With the increasing climate risks and multiple challenges that we are facing today, moving towards stronger cooperation among island nations and regions with islands, which have a lot in common, is logical.
ASEAN Centre for Biodiversity (ACB) Executive Director Theresa Mundita Lim explained the many similarities island ecosystems across the world share, during the first-ever high-level forum on ocean sustainability organised by the ASEAN Secretariat and Seychelles on the sidelines of the Expo 2020 Dubai.
Nine ASEAN member states have coastal areas, and all 10 have vital river systems and waterways that drain into the sea. The ASEAN people depend on these coastal and marine ecosystems for food, livelihood, commerce, and transportation, among others.
Like Seychelles, one of the pioneers of blue economy, the ASEAN region exports products derived from marine sources.
ASEAN Secretary-General Dato Paduka Lim Jock Hoi opened the forum on October 10, 2021, which was attended by dignitaries and business officials.
“I would like to emphasise the importance of sustainability to ensure socio-economic development is compatible with the health of our oceans. As we all know, the overall economic potential of the oceans – including all ocean-based economic activities that use both inputs from, as well as outputs for, the oceans – is huge,” Dato Paduka Lim said.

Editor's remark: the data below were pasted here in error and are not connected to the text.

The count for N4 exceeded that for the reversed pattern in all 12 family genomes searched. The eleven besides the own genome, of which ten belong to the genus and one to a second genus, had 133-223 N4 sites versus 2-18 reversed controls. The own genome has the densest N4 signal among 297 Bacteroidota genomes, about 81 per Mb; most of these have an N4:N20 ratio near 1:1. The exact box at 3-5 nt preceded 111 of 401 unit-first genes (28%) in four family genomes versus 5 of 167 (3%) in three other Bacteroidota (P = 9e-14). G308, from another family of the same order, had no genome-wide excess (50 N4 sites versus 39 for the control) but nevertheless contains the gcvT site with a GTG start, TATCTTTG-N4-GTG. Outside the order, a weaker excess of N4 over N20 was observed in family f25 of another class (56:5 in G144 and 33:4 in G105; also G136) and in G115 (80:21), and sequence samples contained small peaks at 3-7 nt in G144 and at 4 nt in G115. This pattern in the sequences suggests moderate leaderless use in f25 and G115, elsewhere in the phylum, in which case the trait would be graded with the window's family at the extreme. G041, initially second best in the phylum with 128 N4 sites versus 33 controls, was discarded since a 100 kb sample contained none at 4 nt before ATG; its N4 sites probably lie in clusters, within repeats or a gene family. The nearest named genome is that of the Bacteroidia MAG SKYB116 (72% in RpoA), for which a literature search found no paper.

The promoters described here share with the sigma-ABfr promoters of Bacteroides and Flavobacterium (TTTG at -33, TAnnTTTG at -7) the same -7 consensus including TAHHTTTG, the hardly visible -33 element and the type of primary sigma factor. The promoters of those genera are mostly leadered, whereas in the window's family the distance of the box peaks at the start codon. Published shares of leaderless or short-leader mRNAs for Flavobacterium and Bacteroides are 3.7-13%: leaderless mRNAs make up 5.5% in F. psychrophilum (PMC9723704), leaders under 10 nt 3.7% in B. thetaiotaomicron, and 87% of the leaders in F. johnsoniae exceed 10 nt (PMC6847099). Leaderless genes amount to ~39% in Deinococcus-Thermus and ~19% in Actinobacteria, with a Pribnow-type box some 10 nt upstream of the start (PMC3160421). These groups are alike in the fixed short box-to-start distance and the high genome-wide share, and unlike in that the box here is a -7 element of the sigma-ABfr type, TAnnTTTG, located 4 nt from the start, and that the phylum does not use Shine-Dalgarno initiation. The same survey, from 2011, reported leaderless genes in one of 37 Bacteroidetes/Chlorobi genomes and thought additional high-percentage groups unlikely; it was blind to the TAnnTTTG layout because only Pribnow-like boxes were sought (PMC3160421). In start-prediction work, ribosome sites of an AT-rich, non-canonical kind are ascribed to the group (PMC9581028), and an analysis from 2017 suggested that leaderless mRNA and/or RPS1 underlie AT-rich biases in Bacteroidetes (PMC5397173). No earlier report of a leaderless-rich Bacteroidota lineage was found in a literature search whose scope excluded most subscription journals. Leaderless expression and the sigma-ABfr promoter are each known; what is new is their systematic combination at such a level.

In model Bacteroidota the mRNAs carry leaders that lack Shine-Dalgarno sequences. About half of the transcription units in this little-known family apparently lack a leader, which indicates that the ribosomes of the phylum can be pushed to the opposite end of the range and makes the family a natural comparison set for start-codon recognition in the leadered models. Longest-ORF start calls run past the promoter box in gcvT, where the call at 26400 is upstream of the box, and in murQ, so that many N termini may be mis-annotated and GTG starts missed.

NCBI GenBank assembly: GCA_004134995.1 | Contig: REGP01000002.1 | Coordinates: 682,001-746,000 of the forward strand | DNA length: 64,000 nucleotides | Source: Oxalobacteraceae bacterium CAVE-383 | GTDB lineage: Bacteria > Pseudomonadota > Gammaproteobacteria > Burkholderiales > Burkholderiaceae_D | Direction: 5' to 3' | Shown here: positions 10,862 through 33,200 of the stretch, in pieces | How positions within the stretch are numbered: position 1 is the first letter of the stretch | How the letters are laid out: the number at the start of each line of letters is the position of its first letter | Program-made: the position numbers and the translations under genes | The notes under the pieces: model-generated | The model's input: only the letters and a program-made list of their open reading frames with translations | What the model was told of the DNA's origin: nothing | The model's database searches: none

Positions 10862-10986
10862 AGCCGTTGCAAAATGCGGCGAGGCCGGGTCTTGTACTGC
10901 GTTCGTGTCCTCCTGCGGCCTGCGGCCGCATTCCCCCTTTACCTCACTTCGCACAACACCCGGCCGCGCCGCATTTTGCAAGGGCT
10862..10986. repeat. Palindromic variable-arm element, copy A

Dotted with more than 28,000 islands collectively, the region’s coastal and marine habitats are home to 34 per cent of the world’s coral reefs, with over 600 species of hard corals and over 1,300 reef-associated fish species.
The region also contains 51 of the world’s 70 mangrove species and 23 of the 50 seagrass species, the ACB said.
Former Seychelles President James Michel, the executive chairman of the James Michel Foundation, also shared the initiatives that Seychelles has undertaken in advancing blue economy.